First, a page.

6. Posthaven

posthaven

AG Beat told you how to back up your data when Posterous was acquired by Twitter after being touted as a simple blogging platform. One of its signature features was that it let you post to your blog from any email account or mobile device, so prolific bloggers could add new content all the time, quickly and easily. And this is what current blogging platforms are seeking to recapture in one way or another. Basic, quick, easy publication of your content. If you really miss Posterous, Posthaven, made by Posterous co-founder, Garry Tan, is available for $5/month. But, Tan has promised this site will never shut down, although I believe Twitter made the same promise when they acquired Posterous.

Since WordPress has made a move towards web sites and content management, it is refreshing to see there are new platforms emerging to offer some competition and avenues to get back to the basics of just blogging without a plethora of bells and whistles.

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Jennifer Walpole is a Senior Staff Writer at The American Genius and holds a Master's degree in English from the University of Oklahoma. She is a science fiction fanatic and enjoys writing way more than she should. She dreams of being a screenwriter and seeing her work on the big screen in Hollywood one day.

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1 Comment

1 Comment

  1. Kashyap Joshi

    October 31, 2013 at 12:27 pm

    Hello Jennifer,
    These all 6 sites are new for me. I love to join them. Thanks for sharing cool info. 🙂

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Tech News

Yell ‘Marco,’ this app makes your phone yell ‘Polo’

(TECH NEWS) New iPhone app helps find your iPhone so you can find your phone to phone a friend. Are you ready to play Marco Polo on land?

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Do you ever find yourself taking your phone too seriously? Is your phone more of a business tool than anything else? Do you honestly not mind when you lose it?

When you think of your phone, what comes to mind first – April Nardini’s “silent German films,” or Rory Gilmore’s jaunts with the Life and Death Brigade? Consider spicing up your relationship with your phone with role playing! And yes, don’t worry. There’s an app for that.

It’s called Marco Polo, and you may have already guessed what it does, which in my book means it’s a pretty darn good name.

Once you install the app, you can literally shout the word “Marco” into oblivion and your phone will sing out “Polo” at the top of its smart little lungs.

Those who are looking to get themselves and their phones out of deep relationship ruts can endlessly customize the way they address their phone, and choose how it responds.

The customization possibilities seem endless. I suggest terms of endearment: when screamed into the darkness of your early morning bedroom, words like “Dearest!” and “Honeybunch!” are likely to open up a healthy dialogue between you and your phone by making it feel safe and appreciated.

It will then respond in one of thirty preset character voices with the words you’ve instructed it to say. Because phones don’t have free will yet, duh.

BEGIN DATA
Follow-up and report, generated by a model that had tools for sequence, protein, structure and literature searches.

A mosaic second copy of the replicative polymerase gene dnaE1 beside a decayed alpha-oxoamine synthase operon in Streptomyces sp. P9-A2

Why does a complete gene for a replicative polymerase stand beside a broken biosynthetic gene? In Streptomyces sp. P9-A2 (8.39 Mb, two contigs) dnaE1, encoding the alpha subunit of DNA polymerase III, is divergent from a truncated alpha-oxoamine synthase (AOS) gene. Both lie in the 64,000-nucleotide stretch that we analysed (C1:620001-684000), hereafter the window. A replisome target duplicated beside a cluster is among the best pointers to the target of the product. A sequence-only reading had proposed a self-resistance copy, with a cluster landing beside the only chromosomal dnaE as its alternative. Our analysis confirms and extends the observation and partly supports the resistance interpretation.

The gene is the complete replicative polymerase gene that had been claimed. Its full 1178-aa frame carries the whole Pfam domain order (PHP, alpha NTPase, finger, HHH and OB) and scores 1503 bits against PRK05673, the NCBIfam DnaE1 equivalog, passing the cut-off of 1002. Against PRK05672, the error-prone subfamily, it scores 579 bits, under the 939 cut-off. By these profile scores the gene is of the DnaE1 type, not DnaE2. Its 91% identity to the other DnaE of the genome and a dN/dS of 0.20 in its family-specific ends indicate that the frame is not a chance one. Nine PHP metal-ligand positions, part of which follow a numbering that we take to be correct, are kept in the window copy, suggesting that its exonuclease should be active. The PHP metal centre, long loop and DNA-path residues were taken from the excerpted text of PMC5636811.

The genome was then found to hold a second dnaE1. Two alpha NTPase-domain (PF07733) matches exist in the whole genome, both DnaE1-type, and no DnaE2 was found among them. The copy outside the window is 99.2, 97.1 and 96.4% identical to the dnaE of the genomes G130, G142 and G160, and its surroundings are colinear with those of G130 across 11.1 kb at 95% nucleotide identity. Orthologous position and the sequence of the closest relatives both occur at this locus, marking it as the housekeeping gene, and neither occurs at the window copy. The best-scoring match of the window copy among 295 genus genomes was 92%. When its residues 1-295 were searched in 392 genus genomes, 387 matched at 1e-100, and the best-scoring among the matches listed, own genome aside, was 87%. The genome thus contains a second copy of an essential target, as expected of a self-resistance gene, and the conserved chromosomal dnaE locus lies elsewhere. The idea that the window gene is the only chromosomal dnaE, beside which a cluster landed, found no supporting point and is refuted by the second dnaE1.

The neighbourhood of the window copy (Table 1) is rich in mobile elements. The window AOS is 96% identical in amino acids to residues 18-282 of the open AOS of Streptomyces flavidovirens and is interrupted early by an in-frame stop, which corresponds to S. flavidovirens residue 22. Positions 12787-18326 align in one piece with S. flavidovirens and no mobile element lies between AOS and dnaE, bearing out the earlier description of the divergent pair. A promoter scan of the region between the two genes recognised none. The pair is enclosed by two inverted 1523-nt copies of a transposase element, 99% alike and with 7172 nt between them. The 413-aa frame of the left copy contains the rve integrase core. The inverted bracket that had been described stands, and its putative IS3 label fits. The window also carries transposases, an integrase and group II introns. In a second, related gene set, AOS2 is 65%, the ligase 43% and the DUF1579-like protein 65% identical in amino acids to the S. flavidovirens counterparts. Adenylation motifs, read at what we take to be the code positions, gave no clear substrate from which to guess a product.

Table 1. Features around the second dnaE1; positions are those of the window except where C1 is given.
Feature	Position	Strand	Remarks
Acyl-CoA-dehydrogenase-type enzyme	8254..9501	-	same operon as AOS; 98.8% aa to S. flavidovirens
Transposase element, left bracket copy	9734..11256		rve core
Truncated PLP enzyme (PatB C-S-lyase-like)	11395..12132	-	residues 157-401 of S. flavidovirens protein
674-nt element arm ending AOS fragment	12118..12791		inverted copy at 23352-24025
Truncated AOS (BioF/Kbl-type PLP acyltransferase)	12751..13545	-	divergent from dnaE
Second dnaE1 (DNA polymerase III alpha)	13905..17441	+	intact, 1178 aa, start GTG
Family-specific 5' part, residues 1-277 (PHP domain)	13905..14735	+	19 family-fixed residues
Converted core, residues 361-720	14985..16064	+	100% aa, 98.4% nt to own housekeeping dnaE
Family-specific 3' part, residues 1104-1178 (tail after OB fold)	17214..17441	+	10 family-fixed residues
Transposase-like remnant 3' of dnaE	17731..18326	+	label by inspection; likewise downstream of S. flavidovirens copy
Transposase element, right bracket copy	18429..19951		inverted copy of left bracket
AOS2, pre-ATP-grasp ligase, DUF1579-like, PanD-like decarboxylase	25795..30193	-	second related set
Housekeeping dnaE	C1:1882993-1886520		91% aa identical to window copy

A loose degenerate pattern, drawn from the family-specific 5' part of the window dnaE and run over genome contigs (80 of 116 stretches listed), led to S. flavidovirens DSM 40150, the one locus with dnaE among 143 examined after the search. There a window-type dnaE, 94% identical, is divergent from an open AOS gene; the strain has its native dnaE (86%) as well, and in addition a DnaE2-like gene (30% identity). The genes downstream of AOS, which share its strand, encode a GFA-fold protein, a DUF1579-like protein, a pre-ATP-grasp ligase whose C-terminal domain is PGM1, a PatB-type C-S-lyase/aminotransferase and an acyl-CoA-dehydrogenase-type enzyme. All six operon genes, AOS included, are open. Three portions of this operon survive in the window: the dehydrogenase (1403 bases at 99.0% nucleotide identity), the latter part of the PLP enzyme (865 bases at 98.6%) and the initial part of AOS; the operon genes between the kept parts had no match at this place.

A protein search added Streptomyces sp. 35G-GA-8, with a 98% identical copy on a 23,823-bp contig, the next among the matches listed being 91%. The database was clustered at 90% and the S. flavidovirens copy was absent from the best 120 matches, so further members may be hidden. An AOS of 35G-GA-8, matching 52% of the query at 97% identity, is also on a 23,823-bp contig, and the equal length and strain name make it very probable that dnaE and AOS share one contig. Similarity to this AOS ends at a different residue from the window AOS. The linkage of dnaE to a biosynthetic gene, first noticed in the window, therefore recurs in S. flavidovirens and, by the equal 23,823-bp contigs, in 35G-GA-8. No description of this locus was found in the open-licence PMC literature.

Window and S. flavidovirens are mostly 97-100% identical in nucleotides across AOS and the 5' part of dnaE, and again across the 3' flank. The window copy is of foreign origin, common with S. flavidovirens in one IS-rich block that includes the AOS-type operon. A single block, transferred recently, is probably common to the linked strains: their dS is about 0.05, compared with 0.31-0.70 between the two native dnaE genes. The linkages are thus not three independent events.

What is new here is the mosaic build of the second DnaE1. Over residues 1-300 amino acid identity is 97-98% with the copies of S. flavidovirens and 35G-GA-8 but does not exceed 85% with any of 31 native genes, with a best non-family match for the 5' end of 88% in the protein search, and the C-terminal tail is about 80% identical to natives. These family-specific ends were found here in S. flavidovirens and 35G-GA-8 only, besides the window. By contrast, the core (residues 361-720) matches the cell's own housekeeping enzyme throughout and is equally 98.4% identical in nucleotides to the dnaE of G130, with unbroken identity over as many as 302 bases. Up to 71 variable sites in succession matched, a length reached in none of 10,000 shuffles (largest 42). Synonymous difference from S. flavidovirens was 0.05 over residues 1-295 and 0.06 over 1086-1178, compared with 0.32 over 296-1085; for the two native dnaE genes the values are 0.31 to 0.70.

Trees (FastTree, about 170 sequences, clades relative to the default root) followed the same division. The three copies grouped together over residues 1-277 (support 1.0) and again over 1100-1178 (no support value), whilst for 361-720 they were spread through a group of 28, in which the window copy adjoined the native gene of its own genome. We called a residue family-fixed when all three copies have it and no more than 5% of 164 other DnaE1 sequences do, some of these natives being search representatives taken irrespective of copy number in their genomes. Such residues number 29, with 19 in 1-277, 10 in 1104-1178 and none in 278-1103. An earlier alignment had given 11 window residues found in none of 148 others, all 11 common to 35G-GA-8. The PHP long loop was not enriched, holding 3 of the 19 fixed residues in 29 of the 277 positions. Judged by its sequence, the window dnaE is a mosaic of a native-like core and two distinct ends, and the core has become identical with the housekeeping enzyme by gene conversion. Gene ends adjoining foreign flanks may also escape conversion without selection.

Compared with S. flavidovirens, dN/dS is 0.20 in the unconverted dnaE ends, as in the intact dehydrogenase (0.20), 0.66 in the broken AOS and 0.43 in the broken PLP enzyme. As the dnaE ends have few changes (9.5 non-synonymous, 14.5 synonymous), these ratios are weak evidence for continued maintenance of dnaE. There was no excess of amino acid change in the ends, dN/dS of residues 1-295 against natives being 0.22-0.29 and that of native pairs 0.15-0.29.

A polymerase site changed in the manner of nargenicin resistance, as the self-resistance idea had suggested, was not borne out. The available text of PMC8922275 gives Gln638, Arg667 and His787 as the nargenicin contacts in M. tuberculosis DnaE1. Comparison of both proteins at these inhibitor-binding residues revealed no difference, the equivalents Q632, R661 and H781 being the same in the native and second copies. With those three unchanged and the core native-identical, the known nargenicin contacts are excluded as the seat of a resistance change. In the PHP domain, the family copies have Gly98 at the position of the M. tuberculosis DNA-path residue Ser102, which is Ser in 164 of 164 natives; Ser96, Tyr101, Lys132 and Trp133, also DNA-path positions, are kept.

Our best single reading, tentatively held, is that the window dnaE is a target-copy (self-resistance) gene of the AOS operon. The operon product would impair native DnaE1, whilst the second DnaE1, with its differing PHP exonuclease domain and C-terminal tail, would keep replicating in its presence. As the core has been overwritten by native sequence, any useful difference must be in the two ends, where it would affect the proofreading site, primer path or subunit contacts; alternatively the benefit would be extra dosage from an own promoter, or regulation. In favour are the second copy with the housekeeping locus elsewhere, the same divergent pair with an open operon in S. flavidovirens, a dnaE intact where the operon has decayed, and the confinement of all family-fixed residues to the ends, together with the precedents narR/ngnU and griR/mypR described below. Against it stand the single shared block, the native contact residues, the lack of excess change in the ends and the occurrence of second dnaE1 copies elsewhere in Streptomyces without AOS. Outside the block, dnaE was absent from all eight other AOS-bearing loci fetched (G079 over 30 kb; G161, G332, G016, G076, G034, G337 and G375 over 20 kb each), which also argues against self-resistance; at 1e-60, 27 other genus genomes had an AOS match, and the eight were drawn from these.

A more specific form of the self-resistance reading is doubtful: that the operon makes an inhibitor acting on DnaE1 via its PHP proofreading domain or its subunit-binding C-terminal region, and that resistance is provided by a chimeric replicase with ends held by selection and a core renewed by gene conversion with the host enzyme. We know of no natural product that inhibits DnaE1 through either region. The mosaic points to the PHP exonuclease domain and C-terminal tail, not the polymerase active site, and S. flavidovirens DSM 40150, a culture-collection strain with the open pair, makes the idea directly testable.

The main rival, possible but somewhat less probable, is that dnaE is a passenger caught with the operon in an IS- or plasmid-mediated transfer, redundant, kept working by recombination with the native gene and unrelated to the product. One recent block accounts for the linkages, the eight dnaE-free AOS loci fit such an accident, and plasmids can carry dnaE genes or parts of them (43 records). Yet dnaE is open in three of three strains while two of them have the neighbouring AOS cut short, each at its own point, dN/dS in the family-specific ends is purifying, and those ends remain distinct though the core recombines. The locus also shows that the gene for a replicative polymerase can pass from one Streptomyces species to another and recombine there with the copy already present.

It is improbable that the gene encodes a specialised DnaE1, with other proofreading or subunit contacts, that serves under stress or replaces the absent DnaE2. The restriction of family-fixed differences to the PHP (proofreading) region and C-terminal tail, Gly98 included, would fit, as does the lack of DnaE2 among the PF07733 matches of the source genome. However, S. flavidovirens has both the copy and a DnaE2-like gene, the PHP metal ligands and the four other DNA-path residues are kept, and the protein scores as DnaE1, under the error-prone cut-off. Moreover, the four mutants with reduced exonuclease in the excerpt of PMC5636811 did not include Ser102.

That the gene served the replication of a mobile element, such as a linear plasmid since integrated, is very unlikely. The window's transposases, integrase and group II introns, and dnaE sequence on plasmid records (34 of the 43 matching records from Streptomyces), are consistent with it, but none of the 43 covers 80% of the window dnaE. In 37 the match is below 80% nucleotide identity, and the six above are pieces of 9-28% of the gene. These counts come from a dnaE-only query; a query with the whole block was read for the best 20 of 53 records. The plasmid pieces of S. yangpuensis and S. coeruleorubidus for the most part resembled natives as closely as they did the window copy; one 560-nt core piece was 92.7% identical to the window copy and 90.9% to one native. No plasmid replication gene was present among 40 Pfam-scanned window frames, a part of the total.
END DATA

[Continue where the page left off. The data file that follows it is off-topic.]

The Marco Polo app is extra handy when you don’t have a real live friend around you to call your phone for you, and when you’ve left your phone on silent or very low volume to block out the outside world.

It’ll boost your phone’s volume and light up its screen against its (not-free) will, no matter how carefully you’ve stifled it.

Basically, whenever you’re lonely or stressed and can only find solace in your misplaced phone, this app will be there for you like no one else can be.

The website doesn’t specify how nearby your phone needs to be, or how loudly you need to shout at it, so a little friendly trial and error will get your spicy new relationship up and running.

Marco Polo is only available on Apple devices but it's so worth it.Click To Tweet

Because it definitely isn’t 2018, and most of the entire world definitely doesn’t use Android. Come on, guys.

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The semantic argument of the phrase ‘Full Stack’

(TECH NEWS) As the tech industry knows, being able to classify your job qualifications is paramount.

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Semantics

A new debate is emerging in the web development world and it’s not about which framework is best, or which language is most marketable.

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In fact the debate isn’t a matter of code, it’s a matter of words.

It’s Not Just About Experience Level

“Full Stack Developer” is the title developers both new and old often use to describe themselves. According to a Stack Overflow developer survey touted as the “most comprehensive developer survey conducted” the title is among the top five respondents used to describe themselves.

However, not everyone thinks newer developers should adopt the title.

It would be easy to distill the debate to a matter of experience level, veterans earned the “full stack” title, while newer programmers haven’t. However, there’s way more layers to this debate.

What Exactly is Full Stack

First of all, a simple google search reveals several different definitions of “full stack.” There’s general consensus when it comes to the high-level definition. CodeUp sums up this definition, “The term full stack means developers who are comfortable working with both back-end and front-end technologies.”

When it comes down to the nitty-gritty of what exactly falls under back-end and front-end, there’s some disagreement.

Mastery level also matters, but again there’s disagreement over what’s acceptable. In one camp, are the proficiency pushers who require not only a breadth of understanding, but also a depth of understanding in multiple areas.

In this camp, it’s not just good enough to have exposure to SQL, one must have proficiency in SQL.